Hispanic pastors & leaders receive training
PHOENIX (BP)--More than 120 Hispanic Southern Baptists pastors and leaders participated in a joint training in Spanish June 13 at the Phoenix Convention Center prior to the Southern Baptist Convention annual meeting.
The "SBC Avanze Hispano" (SBC Hispanic Advance) was coordinated by Hispanic liaison staff of the International Mission Board, North American Mission Board and LifeWay Christian Resources.
Hispanic leaders presented two conferences for men and two for women on the topic of church transformation.
In the men's sessions, Hispanic ministries pastor Ramon Medina of Champion Forest Baptist Church in Houston, summarized the book "Transformational Church: Creating a new scorecard for congregations" by Thom Rainer and Ed Stetzer. Medina spoke from his experience in applying the book's principles in the context and daily life of his church.
Jason Carlisle of the International Mission Board's Hispanic mobilization team, addressed the topic "El Problema de la Iglesia en Jerusalen" (The Problem of the Jerusalem Church). Carlisle urged participants to act on the Great Commission and lead their churches to make a difference.
"The church where I am has only 80 members but it is sending missionaries to Senegal every three months," Carlisle said before listing strategic steps that churches can take to become missional.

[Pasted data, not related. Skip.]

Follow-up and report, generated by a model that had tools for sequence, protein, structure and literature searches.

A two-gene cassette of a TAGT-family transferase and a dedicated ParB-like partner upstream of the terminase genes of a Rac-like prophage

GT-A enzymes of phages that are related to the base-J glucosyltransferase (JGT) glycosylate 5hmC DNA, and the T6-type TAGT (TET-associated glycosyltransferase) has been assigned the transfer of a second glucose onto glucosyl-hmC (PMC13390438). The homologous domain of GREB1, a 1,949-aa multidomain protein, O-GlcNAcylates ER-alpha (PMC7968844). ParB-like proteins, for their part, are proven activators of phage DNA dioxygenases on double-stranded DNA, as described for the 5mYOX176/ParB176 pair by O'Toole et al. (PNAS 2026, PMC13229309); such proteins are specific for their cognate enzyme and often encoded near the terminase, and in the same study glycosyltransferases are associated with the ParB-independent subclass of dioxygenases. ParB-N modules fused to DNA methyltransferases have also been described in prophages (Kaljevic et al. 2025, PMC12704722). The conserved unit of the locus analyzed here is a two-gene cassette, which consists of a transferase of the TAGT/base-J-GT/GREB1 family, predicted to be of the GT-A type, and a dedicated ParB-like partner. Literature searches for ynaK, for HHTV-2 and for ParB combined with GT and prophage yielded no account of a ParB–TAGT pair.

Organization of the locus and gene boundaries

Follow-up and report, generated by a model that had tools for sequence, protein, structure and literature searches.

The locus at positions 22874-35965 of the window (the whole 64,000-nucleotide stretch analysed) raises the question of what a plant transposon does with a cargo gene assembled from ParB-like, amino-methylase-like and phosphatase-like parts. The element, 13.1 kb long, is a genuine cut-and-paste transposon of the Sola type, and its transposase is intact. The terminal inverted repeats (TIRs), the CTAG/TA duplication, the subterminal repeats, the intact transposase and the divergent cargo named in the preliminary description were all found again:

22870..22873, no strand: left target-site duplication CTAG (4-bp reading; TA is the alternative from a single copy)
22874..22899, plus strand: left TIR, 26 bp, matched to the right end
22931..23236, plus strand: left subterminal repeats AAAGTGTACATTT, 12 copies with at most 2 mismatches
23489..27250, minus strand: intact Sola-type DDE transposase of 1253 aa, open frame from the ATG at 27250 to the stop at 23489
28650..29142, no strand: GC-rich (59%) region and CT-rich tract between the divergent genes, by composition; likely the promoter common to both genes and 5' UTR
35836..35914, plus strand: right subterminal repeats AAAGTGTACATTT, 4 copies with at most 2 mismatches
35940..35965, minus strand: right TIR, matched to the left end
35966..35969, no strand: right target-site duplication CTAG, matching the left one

The women's conferences were "Conectadas Para Transformar" (Connected for Transformation) led by Mirsa Amaro of Phoenix and "La Mujer: Un Recurso de Dios Para las Naciones" (Women: A Resource from God for the Nations) led by Gloria Londoño of Union Baptist Association in Houston.
Amaro challenged the women to "connect" and thereby transform their personal relationship with God, "grow" into a higher level of discipleship, "serve" the church more effectively and "tell" the people in their field of influence the story of Jesus.
Londoño's conference provided an overview of the role women have played in the life of Jesus, in Hebrew culture, in the history of the church and in modern missions. Londoño underscored the need for trans-cultural missionaries who are in high demand particularly for people in Muslim regions of the world.
Arturo Nuñez, a NAMB church planter from Joplin, Mo., closed the training with a personal testimony.
The love of God has been made manifest in that community struck by disaster, Nuñez said. "The church plant is still going on."
Nuñez challenged fellow pastors to "come to Missouri to help us in whatever way you can in the effort of rebuilding." Those wishing to help with volunteers or support can contact Nuñez by email at email@example.com.
David Raúl Lema Jr. is a Miami-based Hispanic correspondent for Baptist Press.